Investigating the intraspecific effect of cell concentration in mediating Oxyrrhis marina swimming behaviors

Michael Warren Fong, University of Rhode Island


Heterotrophic protists are known to respond to a multitude of abiotic and biotic stimuli which confers a strong selective advantage in marine environments that are frequently dilute and heterogeneously distributed. In this laboratory study, we investigated the role of intraspecific signals in mediating Oxyrrhis marina swimming behavior that could be utilized to enhance dispersive behaviors and reduce competition between intraspecific predators. Using video and image analysis, three-dimensional movement behaviors of O. marina (on scales of micrometers and seconds) were simultaneously quantified with population-scale vertical distributions (on scales of centimeters and hours) and used in dispersal and encounter rate estimates. Three different concentrations of O. marina were filmed in both the absence and presence of the prey alga species, Isochrysis galbana, in at least triplicate films every 30 minutes for three hours at five horizons in 1-L experimental tanks. We found that the cell-cell interactions in the absence of prey cells resulted in modified swim behaviors that increased model estimates of encounter rates by 9%; however, individual swim behaviors between treatments were not significantly different in the presence of prey cells. Also, the relative proportion of the population near the top of the tank significantly decreased by 22% and 16% in both the absence and presence of prey cells, respectively, from low to high O. marina concentrations. These results suggest that O. marina can respond to the intraspecific cell concentration in the absence of competing signals which can ultimately result in significant changes to distributions, growth and grazing rates.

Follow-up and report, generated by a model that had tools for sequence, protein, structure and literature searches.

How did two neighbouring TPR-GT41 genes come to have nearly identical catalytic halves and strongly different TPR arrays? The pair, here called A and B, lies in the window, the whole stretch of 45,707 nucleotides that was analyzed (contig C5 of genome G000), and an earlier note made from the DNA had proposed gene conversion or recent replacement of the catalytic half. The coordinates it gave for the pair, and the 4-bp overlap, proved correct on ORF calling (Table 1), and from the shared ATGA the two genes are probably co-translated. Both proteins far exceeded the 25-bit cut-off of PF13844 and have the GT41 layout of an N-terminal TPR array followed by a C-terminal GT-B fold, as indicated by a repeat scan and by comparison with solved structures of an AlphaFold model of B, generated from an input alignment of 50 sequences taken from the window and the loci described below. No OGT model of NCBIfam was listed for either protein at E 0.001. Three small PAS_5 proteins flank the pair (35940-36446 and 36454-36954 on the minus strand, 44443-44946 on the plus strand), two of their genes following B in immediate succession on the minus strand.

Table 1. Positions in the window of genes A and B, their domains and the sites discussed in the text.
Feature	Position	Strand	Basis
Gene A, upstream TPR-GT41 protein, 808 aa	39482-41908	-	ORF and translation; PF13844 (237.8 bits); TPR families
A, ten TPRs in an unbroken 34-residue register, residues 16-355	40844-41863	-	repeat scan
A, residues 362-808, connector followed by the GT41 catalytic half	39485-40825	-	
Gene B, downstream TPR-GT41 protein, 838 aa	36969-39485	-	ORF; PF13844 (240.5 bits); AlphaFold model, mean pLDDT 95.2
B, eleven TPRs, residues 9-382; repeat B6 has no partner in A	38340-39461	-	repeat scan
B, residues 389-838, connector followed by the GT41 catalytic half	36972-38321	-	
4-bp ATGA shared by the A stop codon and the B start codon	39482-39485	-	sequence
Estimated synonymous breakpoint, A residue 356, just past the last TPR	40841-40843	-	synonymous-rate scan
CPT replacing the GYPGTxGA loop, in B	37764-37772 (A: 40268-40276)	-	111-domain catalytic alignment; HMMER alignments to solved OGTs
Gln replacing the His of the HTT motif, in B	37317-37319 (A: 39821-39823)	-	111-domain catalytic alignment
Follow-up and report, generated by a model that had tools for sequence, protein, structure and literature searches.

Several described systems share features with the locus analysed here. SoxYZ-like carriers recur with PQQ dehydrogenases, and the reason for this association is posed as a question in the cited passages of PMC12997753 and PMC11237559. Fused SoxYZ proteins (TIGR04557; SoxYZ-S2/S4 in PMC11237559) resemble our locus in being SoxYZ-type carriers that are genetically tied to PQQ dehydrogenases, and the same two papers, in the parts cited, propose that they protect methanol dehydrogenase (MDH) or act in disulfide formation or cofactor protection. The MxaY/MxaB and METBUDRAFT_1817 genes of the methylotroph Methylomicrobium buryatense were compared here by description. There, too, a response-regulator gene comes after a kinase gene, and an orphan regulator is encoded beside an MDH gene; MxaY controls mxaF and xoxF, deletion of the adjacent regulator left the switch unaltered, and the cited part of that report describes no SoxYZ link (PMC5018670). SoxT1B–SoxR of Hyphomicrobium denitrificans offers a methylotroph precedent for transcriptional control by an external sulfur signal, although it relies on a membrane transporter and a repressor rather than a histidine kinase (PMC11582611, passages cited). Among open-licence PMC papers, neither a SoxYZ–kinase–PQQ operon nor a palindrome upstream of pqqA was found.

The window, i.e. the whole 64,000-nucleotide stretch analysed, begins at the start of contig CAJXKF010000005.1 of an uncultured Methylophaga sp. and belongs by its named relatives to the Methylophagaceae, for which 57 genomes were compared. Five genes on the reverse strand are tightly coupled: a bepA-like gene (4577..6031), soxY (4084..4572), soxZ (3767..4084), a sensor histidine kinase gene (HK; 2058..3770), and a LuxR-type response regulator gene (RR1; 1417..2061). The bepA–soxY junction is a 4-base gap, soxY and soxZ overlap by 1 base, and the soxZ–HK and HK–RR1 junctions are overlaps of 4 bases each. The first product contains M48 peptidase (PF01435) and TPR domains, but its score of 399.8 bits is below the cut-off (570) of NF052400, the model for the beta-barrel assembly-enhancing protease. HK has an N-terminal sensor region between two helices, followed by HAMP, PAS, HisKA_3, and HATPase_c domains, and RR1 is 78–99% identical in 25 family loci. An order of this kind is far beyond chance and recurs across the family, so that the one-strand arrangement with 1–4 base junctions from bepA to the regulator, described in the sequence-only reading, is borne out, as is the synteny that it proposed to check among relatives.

Subject Area

Biological oceanography

Recommended Citation

Michael Warren Fong, "Investigating the intraspecific effect of cell concentration in mediating Oxyrrhis marina swimming behaviors" (2015). Dissertations and Master's Theses (Campus Access). Paper AAI1601320.